Alexis bolts out of the house, now that she knows Bogarde has gone and there still might be a chance for her to catch him.

Finally…finally, we get some plot exposition from the lab assistant, who tries to keep Doc from going after her, “Let her go. It’s been wrong between you for years. You’ll never put it right.”

Whoa, about time, lady. Where were you in the first reel?

But what exactly do you mean? Riddles are pointless without solutions.

There’s a bit of a chase scene here, and the upshot is Alexis drives through what appears to be a circus billboard with a lunging tiger painted on it. She dies. Did I mention there would be spoilers?

I have a problem with the protagonist dying at the end of movies like this. Wages of sin and all, I know, but still, it smacks of laziness and the writer’s inability to find a resolution so it’s just more convenient to kill the character off.

We have no resolution for anybody, except that Bogarde intends to give himself up to Hugh Griffith to set things straight. But Doc expresses no emotion at the physical wreckage of his wife anymore than he did her emotional wreckage. Lab assistant, always prepared, remembers to grab his coat as they leave together for the chase scene. What is her story?

This is a film where the set decoration tells us much (or at least is supposed to) about the story and characters. We see that Alexis and Doc have twin beds in their room, but whenever she is in a bedroom with Bogarde it’s on a double bed. We get the message about Doc’s personality from his office. But the photos of Alexis all over the house are put there for what message?

In classic films I think we tend to know little about set designers, at least not as much as we know of costumers or cinematographers. In theatre they are immensely important because when it comes to deciphering a set, theatre audiences tend to be more sophisticated than film audiences. They know that everything on the set is there for a specific reason. The stage director hasn’t the luxury of a film director of soaking up a variety of images just by panning the camera. All he has to work with is this space.

Among classic film directors, I think Alfred Hitchcock was the most cognizant about this, the most theatrical, and obviously left his mark on every frame. You just know everything’s in the shot for a reason. Joseph Losey gives us as much as he can with “The Sleeping Tiger” in terms of imagery (including a couple of interesting mirror shots) -- again, which sometimes provoke more questions than answers, but some answers can only be provided in the script. And they aren’t there. We come to know all we need to about Dirk Bogarde, but the others in the original triangle -- Doc, Wife, and Lab Assistant -- are still beyond our reach.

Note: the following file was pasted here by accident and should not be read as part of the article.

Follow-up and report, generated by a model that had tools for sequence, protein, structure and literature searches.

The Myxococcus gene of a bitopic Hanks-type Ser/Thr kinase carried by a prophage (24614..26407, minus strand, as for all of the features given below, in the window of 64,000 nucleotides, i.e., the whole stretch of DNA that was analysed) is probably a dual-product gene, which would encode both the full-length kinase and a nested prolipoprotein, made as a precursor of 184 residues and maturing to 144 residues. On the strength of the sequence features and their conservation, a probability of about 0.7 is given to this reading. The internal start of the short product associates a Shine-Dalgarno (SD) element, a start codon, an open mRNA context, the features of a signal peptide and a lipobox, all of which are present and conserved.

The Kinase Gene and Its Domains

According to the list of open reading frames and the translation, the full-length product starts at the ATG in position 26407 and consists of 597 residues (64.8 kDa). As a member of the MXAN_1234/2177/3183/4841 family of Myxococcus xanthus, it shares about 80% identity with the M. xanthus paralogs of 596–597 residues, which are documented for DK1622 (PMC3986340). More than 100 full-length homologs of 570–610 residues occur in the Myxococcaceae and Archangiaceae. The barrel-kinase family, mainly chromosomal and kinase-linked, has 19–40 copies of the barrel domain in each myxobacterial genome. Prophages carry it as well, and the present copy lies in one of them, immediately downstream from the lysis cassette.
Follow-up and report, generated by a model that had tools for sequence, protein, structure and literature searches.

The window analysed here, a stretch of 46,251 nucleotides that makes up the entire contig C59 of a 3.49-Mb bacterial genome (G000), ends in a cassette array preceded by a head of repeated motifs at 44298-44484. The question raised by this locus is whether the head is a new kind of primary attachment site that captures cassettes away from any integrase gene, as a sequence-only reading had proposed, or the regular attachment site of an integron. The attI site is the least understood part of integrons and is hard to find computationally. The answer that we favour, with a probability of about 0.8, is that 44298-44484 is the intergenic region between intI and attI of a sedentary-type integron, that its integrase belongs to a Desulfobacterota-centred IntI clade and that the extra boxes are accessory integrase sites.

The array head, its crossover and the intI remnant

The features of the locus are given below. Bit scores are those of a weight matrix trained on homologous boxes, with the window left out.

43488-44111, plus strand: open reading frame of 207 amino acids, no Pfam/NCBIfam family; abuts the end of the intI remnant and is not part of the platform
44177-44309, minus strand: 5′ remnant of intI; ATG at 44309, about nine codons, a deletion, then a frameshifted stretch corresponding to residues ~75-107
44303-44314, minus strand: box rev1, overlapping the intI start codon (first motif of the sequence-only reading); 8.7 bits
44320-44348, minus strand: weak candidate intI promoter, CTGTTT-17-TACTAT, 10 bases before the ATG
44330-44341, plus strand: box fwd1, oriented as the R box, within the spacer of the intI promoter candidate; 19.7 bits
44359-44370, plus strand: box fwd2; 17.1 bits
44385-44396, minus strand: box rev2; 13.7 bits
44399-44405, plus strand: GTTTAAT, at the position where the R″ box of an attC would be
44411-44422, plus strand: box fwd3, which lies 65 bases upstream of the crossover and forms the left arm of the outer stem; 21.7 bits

The movie is one of a string of films made in this period about the mysteries of psychoanalysis, movies often lurid and fantastic, but in this case it’s interesting that psychology is used as the basis of a love triangle, and for manipulation. What Doc does is on purpose. What Bogarde does is on purpose. Only Alexis seems powerless, losing her grip on her emotions and on her thinking bit by bit until she destroys herself with her obsession.

As mentioned in Monday’s post, this movie is on YouTube here in a single file. Please go have a look, and when you’ve seen it, come back and tell me what you think. For once, we can all watch the same movie together. Pass the popcorn. And, as The Muppets say, no singing opera during the movie.

Monday, November 14, 2011

This and That...

A few things to clear off the desk today. First, to answer to what I’m sure is your burning curiosity about the screen caps I used for my post to illustrate the first chapter of my cozy mystery “Cadmium Yellow, Blood Red”. This was a lot like playing with paper dolls, or those Colorforms things when we were kids. They are in order:

“The Turning Point” (1952). My lead character female character is played by Alexis Smith.

An actual Hampden Ale advertisement.

“Vertigo” (1958) - car traffic.

“The Best Years of Our Lives” (1946) - apartment building and lobby.

“The Sleeping Tiger” (1954) - female lead still played by Alexis here. Dirk Bogarde was in the mirror reflection, but I erased him. Don’t you wish you could to that with more people?

By the way, try finding a shot of nekkid people copulating on the floor of a swanky apartment in an old movie. I wasted some of the Best Years of My Life looking. Imagine my disappointment. I settled for….

“All About Eve” (1950) - apartment interior and stairs

Actual photo of the Wadsworth Atheneum, Hartford, Connecticut.

“Vertigo” again, this time the lady in the museum.

“The Sleeping Tiger” again - shot of modern art.

“Executive Suite” (1954) - Since Alexis wanted too much money, I put her on suspension and continued the movie with Nina Foch. From the back, who can tell?

“Executive Suite” again - desk blotter.

“Make Haste to Live” (1954) - Nina Foch started making too many demands, like only blue M&Ms in her trailer, so I put her on suspension and hired Dorothy McGuire to finish the film. It was dark in this scene. Who’s going to know? When are these actresses going to learn that it’s my studio and I call the shots? Seven-year contract means shut up and do what I tell you.

“Make Haste to Live” again.

“Make Haste to Live” again. You don’t really get too many dramatic scenes around an office desk, which in my mundane world I think is the most exciting place in the world. The male lead is played by Stephen McNally.